Arts

Review: Graham Linehan's new take on The Ladykillers is totally lol

The all-female-cast production of The Ladykillers, adapted by Graham Linehan, which is at Belfast's Lyric Theatre

The Ladykillers, The Lyric Theatre in Belfast

WATCHING Graham Linehan's superb adaptation of William Rose's 1955 film The Ladykillers last night at the Lyric Theatre, the old question about how screenplays adapt to the stage inevitably surface. In fact, you wondered, why do it at all?

The1955 Ealing movie with Alistair Sim and co after all seemed to do a definitive job of conveying the ethical conundrum in the tale of the violent bank robbers who pose as a string quartet in old Mrs Wilberforce's house. And the Coen Brothers' recent remake added nothing to the original story, apparently communicated in a dream to screenwriter William Rose.

But Linehan has channelled the subterfuge theme of the play and cast women as the originally male criminals.

Nobody is, after all, what they seem in The Ladykillers, apart from the old lady (a very nice turn from Stella McCusker). Then, in a delicious move, Linehan casts the old ladies who gather at Mrs Wilberforce's house (brilliant set by Stuart Marshall, incidentally) for the never possible concert by the 'musicians' as men.

When they appear, gloved and banging on her door, it recalls the famous Father Ted episode where the elderly female fans mob the pop star.

The all-female-cast production of The Ladykillers, adapted by Graham Linehan, which is at Belfast's Lyric Theatre

This play, when it gets into its stride, is, however, totally on song – lol, in fact, in Twitter argot. It did, though, start slowly and the comic timing was initially not great. Brilliant exchanges and lines like the Wildean "I had to subdue him with my umbrella'" didn't quite fizz as they should.

Things improved as soon as the magnificent Jo Donnelly as Major Courtney came on stage. This whiskered character, a con artist with an enthusiasm for cross-dressing (he tells Mrs Wilberforce he loves her wardrobe and in another context, "we could have been friends"), was a comic joy.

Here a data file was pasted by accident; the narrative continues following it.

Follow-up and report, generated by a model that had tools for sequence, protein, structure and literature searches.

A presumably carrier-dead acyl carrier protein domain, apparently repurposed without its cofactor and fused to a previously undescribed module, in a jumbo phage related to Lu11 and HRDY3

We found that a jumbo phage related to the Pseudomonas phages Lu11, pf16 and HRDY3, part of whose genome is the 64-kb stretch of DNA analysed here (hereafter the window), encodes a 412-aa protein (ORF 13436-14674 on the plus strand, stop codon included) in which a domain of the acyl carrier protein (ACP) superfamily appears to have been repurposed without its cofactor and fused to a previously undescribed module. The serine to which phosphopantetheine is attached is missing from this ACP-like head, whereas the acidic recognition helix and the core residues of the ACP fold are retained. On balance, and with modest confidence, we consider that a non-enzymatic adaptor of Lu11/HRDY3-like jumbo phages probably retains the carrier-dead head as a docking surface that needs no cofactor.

The drama pretty much followed the original story, with Linehan's adjustments, and the physical comedy in this production directed by Jimmy Fay is a delight. The chaps scrambled up and down a lovely set.

As the great plan – amusingly outlined by mannered Professor Marcus – came into being, we got a sense of post-war London, class, Englishness (good accents, cast) and a kind of whimsy.

Then as things generally fell apart, Maria Connolly's edgy Louis, the murderer who couldn't bear to be reminded of his hirsute mummy, was outstanding.

This play has it all, including a soap star in the cast, Cheryl Fergison formerly Heather Trott from EastEnders. She died extremely well.

For the rest, we learnt just why this tasty band of robbers couldn't quite kill the little old lady who inadvertently exposes their dastardly plot. It's the little bit of good in all of us, as the play reveals, that leads to their hilarious downfall.

I shan't quickly forget, nor will the rest of the audience, the Major's enthusiasm for Mrs W's beautiful pink tea dress. The steam train soundtrack was sublime, and Nuala McKeever as the constable who doesn't quite solve everything in the final scene, spot on.

Until July 8 at lyrictheatre.co.uk and box office 028 9038 1081

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